A team of researchers from Imperial College London has designed a self-assembling nanoparticle that can target tumors, and which could bring earlier diagnoses of cancer through more effective magnetic resonance imaging (MRI) scanning. They sought to improve on current techniques for detecting small tumoral masses by making MRI contrast agents more specific and sensitive, to help doctors identify cancers much quicker.
The non-toxic nanoparticle is coated with a protein that identifies signals given off by tumors by targeting specific receptors located in cancerous cells. On finding a tumor, the nanoparticle interacts with the cancerous cells as the protein coating is stripped off, resulting in the nanoparticle self-assembling into a much larger particle that can be more easily seen by scanning.
The study, which featured in the journal Angewandte Chemie [Gallo et al. Angew Chem. Int. Ed. (2014) DOI: 10.1002/anie.201405442], compared the effects of the self-assembling nanoparticle in MRI scanning against more typical imaging agents, demonstrating that the nanoparticle provided a more powerful signal and clearer MRI image than small molecules. They also had to ensure the nanoparticle did not grow too big to become harmful or too small so that it would be secreted before imaging.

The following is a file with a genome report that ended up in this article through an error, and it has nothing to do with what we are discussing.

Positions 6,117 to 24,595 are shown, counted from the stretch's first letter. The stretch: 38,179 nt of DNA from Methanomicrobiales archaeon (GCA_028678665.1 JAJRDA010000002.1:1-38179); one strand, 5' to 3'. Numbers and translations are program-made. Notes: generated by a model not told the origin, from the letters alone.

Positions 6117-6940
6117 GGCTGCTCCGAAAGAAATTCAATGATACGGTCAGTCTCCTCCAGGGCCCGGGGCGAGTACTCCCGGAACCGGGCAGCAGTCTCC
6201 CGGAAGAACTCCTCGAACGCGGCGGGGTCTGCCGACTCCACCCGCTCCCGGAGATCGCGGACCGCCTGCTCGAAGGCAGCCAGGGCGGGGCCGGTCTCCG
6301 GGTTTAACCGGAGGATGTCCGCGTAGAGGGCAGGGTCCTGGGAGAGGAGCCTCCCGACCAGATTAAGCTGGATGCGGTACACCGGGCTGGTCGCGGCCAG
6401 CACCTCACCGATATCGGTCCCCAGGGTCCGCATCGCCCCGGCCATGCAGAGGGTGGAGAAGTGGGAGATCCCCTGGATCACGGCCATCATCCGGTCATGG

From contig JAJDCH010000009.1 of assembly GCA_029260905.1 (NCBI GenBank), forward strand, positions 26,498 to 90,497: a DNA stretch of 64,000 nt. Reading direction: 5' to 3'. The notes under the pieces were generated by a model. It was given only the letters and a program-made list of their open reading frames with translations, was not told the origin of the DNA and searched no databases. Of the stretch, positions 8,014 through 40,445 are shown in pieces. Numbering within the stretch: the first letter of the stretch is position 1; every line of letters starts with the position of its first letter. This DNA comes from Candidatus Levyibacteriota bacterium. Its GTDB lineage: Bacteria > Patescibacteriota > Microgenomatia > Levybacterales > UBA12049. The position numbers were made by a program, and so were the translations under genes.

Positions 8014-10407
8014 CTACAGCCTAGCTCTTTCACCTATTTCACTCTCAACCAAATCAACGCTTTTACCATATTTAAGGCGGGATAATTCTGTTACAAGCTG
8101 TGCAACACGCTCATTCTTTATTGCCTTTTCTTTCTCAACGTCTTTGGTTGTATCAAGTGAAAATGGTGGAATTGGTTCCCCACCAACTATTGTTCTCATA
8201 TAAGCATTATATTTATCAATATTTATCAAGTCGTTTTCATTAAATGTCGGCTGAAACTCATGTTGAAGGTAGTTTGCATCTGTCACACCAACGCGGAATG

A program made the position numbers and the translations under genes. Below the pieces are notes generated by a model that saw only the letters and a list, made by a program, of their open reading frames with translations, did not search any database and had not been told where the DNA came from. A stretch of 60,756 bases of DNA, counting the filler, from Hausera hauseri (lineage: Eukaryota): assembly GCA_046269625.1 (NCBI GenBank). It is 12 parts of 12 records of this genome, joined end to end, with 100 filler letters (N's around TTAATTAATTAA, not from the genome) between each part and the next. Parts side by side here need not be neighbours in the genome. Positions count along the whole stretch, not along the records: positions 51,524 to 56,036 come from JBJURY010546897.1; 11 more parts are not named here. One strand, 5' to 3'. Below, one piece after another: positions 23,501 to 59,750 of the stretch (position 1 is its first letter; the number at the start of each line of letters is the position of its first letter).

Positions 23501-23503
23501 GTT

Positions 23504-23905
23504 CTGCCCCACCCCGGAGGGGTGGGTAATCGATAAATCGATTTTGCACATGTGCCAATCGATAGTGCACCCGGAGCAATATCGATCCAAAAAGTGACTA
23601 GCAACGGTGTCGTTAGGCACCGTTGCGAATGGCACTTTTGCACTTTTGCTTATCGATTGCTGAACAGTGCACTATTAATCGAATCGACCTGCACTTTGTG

The nanoparticles are functionally versatile and offer interesting physical properties; for instance, their magnetic properties vary depending on whether they are on their own or aggregated, which was used to advantage. Instead of injecting large magnetic particles that could cause serious problems to the patients, they employed tiny nanoparticles that could be combined in specific sites. As researcher Juan Gallo told Materials Today, “We have prepared a probe that not only finds and accumulates in the tumor, but it also responds to it changing its properties (size and magnetic properties through aggregation) to provide a more intense (and then easier to distinguish) signal.”
They also demonstrated that quite complex designs can be achieved on nanoparticulate probes; here, through ligand design, they obtained a probe that reacts to provide an increase in the signal detected by MRI, a design that could find other applications such as in drug release. The team is now looking to fine-tune the size of the final nanoparticle before testing the probes in clinical trials, and also hope to attain an additional signal for a different medical imaging modality in the same probes, including from a fluorescent dye to light up the tumor under specific circumstances to aid surgery.